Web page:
The editors of The Week magazine are a shrewd bunch. Last week (edition on 17 Nov), in the People section (p10) they placed an item about fashion demigod Karl Lagerfeld immediately above an article about a remarkable Rwandan women, Immaculée Iligabaiza. That juxtaposition said more than 1000 column inches ever could.

Lagerfeld’s vicious streak

By his own admission, Karl Lagerfeld is “a very superficial person. I like what is on the outside – and by this I mean clothes,” he told Geordie Greig in Tatler. The couturier, who has been creative director of Chanel for the past 26 years, owns 70 ipods and 2,400 shirts (mainly white); he dusts his ponytail with powder every morning, and when he goes out, he is accompanied by a posse of assistants and bodyguards, all chicly dressed in black suits, like himself. But if Lagerfeld’s loves are superficial, his hatreds are anything but. “I take a physical pleasure in revenge, often in a vicious way,” he says. And he will wait as long as it takes to pay back anyone who has wronged him. “When people think it is all forgotten, I pull the chair away – maybe ten years later. They do not even know it is me who in the end kills them. I am very dangerous for that. Do not touch me – I will most definitely touch you.”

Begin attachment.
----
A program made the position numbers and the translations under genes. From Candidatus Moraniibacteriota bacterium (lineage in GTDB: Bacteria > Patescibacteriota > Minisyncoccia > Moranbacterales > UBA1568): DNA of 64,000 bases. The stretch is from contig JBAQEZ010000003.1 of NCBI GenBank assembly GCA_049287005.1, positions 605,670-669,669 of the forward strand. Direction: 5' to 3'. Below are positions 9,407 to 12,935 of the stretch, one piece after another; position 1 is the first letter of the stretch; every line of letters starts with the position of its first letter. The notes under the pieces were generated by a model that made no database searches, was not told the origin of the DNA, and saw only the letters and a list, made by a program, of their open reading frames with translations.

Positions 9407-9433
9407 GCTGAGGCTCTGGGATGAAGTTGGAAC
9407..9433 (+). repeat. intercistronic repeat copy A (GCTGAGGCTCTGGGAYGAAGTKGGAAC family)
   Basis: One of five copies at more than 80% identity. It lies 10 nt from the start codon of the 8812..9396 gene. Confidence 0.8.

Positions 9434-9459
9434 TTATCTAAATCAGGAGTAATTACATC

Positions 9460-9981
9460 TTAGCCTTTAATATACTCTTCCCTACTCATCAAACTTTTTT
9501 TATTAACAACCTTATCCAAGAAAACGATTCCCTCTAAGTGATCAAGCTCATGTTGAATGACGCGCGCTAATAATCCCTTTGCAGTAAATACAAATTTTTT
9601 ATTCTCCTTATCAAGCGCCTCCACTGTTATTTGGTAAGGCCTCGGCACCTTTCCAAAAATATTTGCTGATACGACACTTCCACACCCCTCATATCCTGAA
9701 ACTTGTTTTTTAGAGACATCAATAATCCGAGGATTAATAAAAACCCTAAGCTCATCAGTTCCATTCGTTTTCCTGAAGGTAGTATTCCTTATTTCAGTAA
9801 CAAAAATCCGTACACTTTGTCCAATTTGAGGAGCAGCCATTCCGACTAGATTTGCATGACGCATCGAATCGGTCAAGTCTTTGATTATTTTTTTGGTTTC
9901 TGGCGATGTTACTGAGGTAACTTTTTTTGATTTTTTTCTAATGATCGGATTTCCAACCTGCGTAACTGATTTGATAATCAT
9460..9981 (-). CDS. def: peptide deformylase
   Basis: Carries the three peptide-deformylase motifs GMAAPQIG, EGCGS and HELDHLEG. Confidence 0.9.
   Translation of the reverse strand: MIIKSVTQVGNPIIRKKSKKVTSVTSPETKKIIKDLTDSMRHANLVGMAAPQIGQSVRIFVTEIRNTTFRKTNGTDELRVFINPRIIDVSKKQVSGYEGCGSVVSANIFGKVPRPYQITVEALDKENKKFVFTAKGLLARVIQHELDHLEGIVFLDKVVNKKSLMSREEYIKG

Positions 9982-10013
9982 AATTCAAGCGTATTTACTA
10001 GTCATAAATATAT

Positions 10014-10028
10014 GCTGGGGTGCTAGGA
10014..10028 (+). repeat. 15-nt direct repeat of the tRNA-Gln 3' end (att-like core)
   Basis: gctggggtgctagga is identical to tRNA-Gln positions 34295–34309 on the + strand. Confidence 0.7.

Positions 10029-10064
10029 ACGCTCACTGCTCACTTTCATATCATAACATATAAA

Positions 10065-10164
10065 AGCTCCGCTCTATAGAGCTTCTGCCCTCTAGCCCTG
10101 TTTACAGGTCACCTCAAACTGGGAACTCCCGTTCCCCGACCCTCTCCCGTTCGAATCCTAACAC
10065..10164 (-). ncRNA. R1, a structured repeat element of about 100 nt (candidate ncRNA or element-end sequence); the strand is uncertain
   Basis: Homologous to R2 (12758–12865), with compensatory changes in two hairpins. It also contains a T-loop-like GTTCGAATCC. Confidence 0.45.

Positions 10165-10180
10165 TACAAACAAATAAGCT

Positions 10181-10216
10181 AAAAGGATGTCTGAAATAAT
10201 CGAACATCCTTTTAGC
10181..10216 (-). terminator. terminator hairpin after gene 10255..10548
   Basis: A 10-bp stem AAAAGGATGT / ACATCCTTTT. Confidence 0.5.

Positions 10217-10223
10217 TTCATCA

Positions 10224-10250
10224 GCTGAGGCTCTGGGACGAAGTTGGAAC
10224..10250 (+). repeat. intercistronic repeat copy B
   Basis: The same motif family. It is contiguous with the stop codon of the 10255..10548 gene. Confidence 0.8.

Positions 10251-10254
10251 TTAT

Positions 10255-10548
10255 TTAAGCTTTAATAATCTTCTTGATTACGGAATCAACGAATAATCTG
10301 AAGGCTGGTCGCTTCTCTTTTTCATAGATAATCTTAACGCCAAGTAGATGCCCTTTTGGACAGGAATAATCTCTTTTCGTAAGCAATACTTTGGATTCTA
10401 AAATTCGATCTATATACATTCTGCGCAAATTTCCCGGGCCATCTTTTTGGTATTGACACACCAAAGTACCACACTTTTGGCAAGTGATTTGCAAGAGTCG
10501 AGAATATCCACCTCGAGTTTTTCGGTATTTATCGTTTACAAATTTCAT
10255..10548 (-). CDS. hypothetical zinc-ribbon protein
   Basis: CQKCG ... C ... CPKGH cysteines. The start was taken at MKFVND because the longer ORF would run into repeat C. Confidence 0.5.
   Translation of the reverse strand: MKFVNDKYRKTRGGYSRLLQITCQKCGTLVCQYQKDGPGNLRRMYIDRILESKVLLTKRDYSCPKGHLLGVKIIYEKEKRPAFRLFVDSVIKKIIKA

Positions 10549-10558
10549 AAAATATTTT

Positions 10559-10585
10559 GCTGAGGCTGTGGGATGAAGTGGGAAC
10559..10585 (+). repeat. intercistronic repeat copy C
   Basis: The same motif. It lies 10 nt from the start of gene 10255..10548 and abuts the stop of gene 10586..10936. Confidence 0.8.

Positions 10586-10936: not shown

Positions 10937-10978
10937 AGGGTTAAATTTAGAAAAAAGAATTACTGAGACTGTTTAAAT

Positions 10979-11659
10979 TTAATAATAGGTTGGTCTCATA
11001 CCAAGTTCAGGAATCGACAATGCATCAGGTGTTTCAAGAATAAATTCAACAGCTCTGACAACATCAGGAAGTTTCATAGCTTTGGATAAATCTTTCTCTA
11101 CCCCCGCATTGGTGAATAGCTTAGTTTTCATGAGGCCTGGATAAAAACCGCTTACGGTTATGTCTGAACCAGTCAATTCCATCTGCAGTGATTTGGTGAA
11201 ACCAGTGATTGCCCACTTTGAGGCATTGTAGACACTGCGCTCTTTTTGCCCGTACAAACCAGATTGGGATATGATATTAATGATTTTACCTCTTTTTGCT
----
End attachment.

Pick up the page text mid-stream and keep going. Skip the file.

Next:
Forgiving genocide

The quality of mercy was not much in evidence in Rwanda in 1994, when about a million people, mainly from the Tutsi tribe, were murdered in the worst genocide in living memory. But for Immaculée Iligabaiza – a young Tutsi who lost her entire family in the killings – forgiveness was her only path to peace. “If you do not forgive, you kill yourself,” Immaculée, a staunch Catholic, told Louette Harding in The Mail on Sunday. “To forgive is not easy, it is a process. I wished for forgiveness, and, well, let us say my body didn’t jump to obey.” Which is hardly surprising, given what had happened to her. Hunted by death squads from the rival Hutu tribe, Immaculée, then 22, had taken refuge with a Protestant pastor. When international troops restored order in the region three months later, she emerged to learn that her father had been shot, her mother hacked to death, and her brother caught in a crowd that was sprayed with machine gun bullets. The ringleader of this savagery had been a local businessman, who Immaculée knew; she had even played with his children at school. Believing it was what her family would have expected of her, she resolved to visit him in prison. “He was sobbing,” she said. “I could feel his shame. I reached out, touched his hands and said what I’d come to say: ‘I forgive you.”

Thank God there are people like her and that our world is not full of Lagerfelds.


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